To compound the trouble with its taste, restaurant coffee rarely has any staying power. I found that only an hour or two after dosing up at some joint with some of that wobbly brew the trance state of zombie oblivion would begin, and cruise control (surely something that Neal Cassady would have scoffed at) only made it worse. Hours of driving can turn the mind into a kind of crock pot, gently snurfling a soggy head of cabbage around in a tepid broth.

So I had to start playing on-the-road wake-up games: sticking my face out the window at 75 miles per, hoping that a mug full of high plains wind would stir me, or craning my head completely sideways, parallel to the dashboard, which created a curious and wonderfully warped perspective that made the road appear to be driving itself into my face, a situation that would have become literal had I persisted. I even tried listening to Rush Limbaugh's vitriol stab out of the radio, or cranking Nirvana up to 10, but it's hard to drive while your eyes are bleeding. These are only surface substitutes for what you want in your blood—good coffee works from the inside out.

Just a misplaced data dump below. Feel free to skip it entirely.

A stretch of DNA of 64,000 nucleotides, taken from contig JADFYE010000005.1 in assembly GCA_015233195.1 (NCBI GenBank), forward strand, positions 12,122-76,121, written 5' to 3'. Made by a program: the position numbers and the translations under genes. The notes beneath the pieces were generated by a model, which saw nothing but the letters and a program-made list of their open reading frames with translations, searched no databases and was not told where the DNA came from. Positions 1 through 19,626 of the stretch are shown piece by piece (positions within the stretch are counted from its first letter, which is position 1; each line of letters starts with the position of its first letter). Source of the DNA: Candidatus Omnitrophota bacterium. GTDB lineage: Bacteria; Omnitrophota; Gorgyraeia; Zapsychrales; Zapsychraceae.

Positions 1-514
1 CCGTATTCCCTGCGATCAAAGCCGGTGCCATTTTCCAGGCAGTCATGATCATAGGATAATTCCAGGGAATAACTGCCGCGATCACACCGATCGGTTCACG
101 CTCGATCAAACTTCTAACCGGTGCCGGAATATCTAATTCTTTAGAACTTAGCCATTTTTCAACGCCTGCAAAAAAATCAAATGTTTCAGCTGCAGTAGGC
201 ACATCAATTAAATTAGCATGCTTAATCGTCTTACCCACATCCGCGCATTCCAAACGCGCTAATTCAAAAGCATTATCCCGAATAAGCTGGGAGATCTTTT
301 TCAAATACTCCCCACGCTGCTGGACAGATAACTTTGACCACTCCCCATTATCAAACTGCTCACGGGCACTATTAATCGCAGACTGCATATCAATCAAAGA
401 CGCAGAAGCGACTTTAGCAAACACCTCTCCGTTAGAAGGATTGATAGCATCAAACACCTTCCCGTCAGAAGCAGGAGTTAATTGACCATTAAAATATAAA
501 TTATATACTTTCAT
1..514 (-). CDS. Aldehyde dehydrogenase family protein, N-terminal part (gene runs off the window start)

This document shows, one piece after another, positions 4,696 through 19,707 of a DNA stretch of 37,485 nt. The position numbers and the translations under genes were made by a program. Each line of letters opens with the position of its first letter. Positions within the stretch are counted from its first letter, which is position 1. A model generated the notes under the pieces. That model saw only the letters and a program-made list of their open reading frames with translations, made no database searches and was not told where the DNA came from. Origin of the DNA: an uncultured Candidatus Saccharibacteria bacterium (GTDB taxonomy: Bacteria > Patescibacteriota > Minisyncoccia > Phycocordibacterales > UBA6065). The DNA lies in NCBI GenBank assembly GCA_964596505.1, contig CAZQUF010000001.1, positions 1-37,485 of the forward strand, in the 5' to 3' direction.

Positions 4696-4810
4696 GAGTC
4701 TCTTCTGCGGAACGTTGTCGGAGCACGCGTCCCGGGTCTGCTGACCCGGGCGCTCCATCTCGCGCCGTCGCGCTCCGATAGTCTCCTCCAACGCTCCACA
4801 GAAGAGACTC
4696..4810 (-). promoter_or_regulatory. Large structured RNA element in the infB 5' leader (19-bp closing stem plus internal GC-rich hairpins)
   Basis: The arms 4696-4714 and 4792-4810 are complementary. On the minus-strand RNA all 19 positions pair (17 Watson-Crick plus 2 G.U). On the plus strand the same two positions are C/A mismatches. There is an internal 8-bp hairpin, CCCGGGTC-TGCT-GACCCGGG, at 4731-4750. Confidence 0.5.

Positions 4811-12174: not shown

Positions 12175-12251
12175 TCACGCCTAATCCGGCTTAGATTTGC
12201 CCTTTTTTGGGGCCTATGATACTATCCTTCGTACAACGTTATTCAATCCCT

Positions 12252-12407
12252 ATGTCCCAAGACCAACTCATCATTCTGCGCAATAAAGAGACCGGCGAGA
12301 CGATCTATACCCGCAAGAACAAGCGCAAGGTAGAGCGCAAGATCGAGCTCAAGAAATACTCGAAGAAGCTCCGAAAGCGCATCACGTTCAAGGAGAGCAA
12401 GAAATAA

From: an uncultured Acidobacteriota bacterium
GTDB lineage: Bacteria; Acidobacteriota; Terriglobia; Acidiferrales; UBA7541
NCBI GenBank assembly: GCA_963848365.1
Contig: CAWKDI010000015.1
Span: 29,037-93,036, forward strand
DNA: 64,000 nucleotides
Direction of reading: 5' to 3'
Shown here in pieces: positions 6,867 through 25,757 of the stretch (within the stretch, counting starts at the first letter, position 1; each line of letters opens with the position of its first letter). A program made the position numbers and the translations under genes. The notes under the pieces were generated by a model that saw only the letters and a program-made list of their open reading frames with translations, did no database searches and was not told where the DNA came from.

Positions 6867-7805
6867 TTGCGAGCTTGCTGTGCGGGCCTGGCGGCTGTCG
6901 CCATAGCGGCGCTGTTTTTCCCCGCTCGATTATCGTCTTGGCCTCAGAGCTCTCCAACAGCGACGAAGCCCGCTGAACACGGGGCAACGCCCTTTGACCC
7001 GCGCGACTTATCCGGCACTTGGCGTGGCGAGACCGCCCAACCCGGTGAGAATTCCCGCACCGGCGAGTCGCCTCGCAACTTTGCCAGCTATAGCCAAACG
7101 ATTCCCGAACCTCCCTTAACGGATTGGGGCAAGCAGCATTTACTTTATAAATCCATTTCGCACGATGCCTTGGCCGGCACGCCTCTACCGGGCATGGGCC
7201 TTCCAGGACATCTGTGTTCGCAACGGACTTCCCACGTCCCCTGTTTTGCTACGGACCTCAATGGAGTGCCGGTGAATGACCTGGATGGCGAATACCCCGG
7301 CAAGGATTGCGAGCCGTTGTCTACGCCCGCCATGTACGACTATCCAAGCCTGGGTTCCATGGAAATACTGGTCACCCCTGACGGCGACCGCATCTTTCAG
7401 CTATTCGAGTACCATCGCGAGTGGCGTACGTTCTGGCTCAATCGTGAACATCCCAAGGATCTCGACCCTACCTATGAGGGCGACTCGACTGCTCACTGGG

Even the heraldic lineup of signs for Wall Drug, that begin hundreds of miles from its holy grounds in South Dakota, couldn't regale me out of my bad bean funk. Wall Drug and its renowned 5-cent coffee became a mantra of sorts, until I arrived, 500 signs later, had a cup, and felt like telling them it was overpriced.